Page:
I was hoping for a discussion about broad themes in American foreign policy -- such as, for instance, will any American president come up with a suitable plan for eventual Middle East compromise? Or anything having to do with the Muslim Brotherhood, or Iran. But all these guys wanted to talk about was the electoral map. How many votes does Ohio get? Why is New Hampshire so important when it's so small? One of these guys, an engineer (and a refugee from the West Bank) said, "I'm keeping my eye on Virginia." I asked him why. He said he read on FoxNews.com that Virginia was key this year.

    This is just a reminder to Americans, who seemed, especially during this campaign, to forget that the rest of the world exists, and matters, and that people in virtually every country around the globe care immensely who becomes the president of the United States. One of the people I was speaking with said something else that struck me: "Your elections are very polite. The candidates are very polite." I expressed surprise, and asked him, compared to what?  "Syria," he said, and laughed.

    One thing, though: Not one of these men had an opinion, one way or the other, about Nate Silver. So there are limits to their knowledge.

  • How Would Obama and Romney Handle a Zombie Invasion?

    I want a president equipped to handle the sort of emergencies -- natural and man-made -- that seem to be coming at us at a faster and faster rate.

    For those of you haven't yet gone to the polls (readers outside the U.S. -- please don't go to the polls, it just wouldn't be right), and for those of you who haven't decided on a candidate (and what, by the way, is wrong with you? How indecisive can you be?) I wanted to suggest that you read my Bloomberg View column, which asks the most critical question of all: Which of the two men who want to be president is better equipped to vanquish a zombie uprising?

    (Okay, the second-most important question, the first being, "How will this election affect Nate Silver's reputation"?)

    I've become a bit of a zombie obsessive, thanks in good part to The Walking Dead (about which I'm in a great dialogue with The Atlantic's J.J. Gould and Scott Meslow) and I was a bit surprised that Bob Schieffer didn't ask either candidate to discuss their plans for zombie-neutralization (I'm not surprised that Jim Lehrer didn't ask the same question, because Lehrer -- well, you know the rest of the joke). The attacks of 9/11, and Katrina, and the great recession, and now Sandy, have made this question particularly pertinent: What I want most of all in a president is someone equipped to handle the sort of emergencies -- natural and man-made -- that seem to be coming at us at a faster and faster rate. From the column, which features the thoughts of Daniel Drezner, the Tufts University professor who is the Walter Lippman of zombie policy:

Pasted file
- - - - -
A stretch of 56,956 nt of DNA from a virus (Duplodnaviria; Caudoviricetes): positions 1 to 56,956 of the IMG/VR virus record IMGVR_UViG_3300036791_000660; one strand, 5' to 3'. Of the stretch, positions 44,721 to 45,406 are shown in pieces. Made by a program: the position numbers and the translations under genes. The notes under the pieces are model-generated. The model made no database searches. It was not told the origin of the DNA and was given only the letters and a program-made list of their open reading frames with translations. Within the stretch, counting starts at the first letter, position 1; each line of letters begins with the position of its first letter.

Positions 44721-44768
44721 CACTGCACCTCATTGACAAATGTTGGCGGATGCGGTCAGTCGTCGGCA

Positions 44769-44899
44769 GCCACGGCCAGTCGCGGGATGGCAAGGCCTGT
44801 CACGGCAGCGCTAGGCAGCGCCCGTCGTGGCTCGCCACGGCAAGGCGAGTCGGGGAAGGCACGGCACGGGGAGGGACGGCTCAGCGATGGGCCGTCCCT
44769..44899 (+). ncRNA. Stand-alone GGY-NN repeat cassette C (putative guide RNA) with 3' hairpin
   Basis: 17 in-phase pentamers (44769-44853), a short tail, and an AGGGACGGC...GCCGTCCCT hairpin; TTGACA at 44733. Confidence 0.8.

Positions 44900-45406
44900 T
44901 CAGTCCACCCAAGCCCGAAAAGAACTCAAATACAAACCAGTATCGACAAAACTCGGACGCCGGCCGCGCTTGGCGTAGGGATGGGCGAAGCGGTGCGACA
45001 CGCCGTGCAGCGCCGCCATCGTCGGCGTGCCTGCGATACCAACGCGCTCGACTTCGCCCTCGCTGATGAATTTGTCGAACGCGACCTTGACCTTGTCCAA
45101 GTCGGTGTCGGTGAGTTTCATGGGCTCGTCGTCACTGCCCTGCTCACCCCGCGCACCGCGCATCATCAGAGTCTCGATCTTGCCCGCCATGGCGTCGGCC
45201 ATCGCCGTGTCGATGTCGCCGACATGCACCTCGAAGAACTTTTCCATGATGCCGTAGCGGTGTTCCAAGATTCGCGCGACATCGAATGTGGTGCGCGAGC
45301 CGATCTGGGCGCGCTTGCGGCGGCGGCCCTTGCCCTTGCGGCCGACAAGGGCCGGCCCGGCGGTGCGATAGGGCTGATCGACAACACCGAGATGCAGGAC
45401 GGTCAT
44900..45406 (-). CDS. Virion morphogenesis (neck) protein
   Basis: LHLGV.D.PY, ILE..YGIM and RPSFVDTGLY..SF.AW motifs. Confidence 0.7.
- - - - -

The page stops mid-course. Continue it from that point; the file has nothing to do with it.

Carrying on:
The mother of all 3 a.m. phone calls would begin like this: "Mr. President, very sorry to wake you, but it seems that a devastating pathogen has reanimated the dead and turned them into cannibals, and now they're feasting on the living, especially in the swing states of Ohio and Virginia. Would you like me to assemble those members of the Cabinet who aren't eating their deputies?"

    A zombie invasion, although a low-probability event (only for the technical reason that zombies don't exist) represents, in the words of Daniel W. Drezner, the author of "Theories of International Politics and Zombies" and a Tufts University professor, "the perfect, protean 21st century threat -- it's terrorism and biowarfare and pandemic rolled into one."

    Drezner argues that zombies are a prism through which we can understand how governments react to supreme emergencies -- of obvious relevance in an era when disaster seems to be visiting us with great frequency.

    (...)

    One problem a president would face, Drezner says, is that the zombie crisis, like so many today, might begin ambiguously: "When it emerges, it will be very, very hard to define exactly what the threat is."

    "The problem with the undead is that they pose a nightmare for interagency policy coordination," Drezner says, noting the large number of federal organizations that would be required to fight the zombies.

    So which candidate would be better equipped to make the decisions necessary to thwart this threat? To answer that question, we have to understand each man's vision of the role of the federal government.

    Romney, we already know, isn't exactly enamored of the Federal Emergency Management Agency; we can assume he won't be doubling the budgets of the Centers for Disease Control and Prevention or the National Institutes of Health, the organizations that, with any luck, would find an antidote to zombification.

    Obama, on the other hand, thinks the federal government should play a primary role in disaster management, and that government is generally a force for good. But there is a downside to overly generous federal spending: Drezner argues that the chance that a zombie pathogen could escape from a government laboratory grows as federal spending increases.